Actually Using The Hasselblad 500C/M

Discussion in 'Photography Equipment & Products' started by Dave Colangelo, Jul 3, 2016.

  1. Dave Colangelo

    Dave Colangelo No longer a newbie, moving up!

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    I thought it might be of interest for some here to see what it takes for a completely average photographer to learn how to use a Hasselblad 500C/M. This threads goal is to serve to document the trials and tribulations I will encounter using this camera. I plan to post both the good photos and the bad to server as a learning experience for others as well. Before I launch into anything I should provide some background on how this camera came into my ownership and what my goals are here. If you don't know what a Hasselblad 500C/M is you should check out this link for more info.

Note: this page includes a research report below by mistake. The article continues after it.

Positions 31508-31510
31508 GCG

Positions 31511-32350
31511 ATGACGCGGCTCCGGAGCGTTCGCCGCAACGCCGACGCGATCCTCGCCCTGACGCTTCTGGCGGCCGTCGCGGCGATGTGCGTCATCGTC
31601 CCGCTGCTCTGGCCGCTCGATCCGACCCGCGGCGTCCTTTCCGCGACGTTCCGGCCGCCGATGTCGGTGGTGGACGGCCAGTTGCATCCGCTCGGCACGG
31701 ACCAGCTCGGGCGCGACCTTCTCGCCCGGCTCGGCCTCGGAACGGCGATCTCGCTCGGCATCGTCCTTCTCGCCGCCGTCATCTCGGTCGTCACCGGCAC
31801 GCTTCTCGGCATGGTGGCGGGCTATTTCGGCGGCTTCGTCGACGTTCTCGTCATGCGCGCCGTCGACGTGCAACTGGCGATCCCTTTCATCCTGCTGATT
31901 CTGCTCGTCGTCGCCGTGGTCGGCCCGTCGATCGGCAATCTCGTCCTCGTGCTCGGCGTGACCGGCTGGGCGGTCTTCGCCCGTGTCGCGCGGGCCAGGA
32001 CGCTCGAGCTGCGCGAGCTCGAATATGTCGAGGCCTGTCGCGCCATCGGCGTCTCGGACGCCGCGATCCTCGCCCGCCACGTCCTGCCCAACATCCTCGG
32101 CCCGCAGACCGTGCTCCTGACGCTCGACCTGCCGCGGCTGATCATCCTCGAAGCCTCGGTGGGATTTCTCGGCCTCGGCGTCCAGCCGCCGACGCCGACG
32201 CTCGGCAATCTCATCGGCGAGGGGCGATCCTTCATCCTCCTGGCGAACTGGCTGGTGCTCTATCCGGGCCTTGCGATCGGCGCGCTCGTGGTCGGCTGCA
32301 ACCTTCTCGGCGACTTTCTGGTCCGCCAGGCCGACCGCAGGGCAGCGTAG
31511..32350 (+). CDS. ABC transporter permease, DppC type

TL;DR;

    Most people who get into photography as a serious hobby will at some point read about the famed "Hasselblad" cameras. Considering their new X1D release their name has been back in the press recently and Im excited so see that camera when it actually hits the shelves. On any note the Hasselbald has a certain way about it that few other cameras have been able to match. Nasa took the early 1600's to the moon, many great album covers have been shot with them and countless famous photographers have used them over the years. One thing that I have found in my recent reading is that due to the heavy professional use and generally high price tag there is not that much information available on these cameras from the point of view of a normal or hobbits shooter. For many years these cameras were simply out of budget for all but few people, however as of late, with the hike in quality of digital cameras and the closing of many film factories the film Hasselblads have really come down in price. This has allowed some of us hobbits to get a piece of gear that was previously out of reach.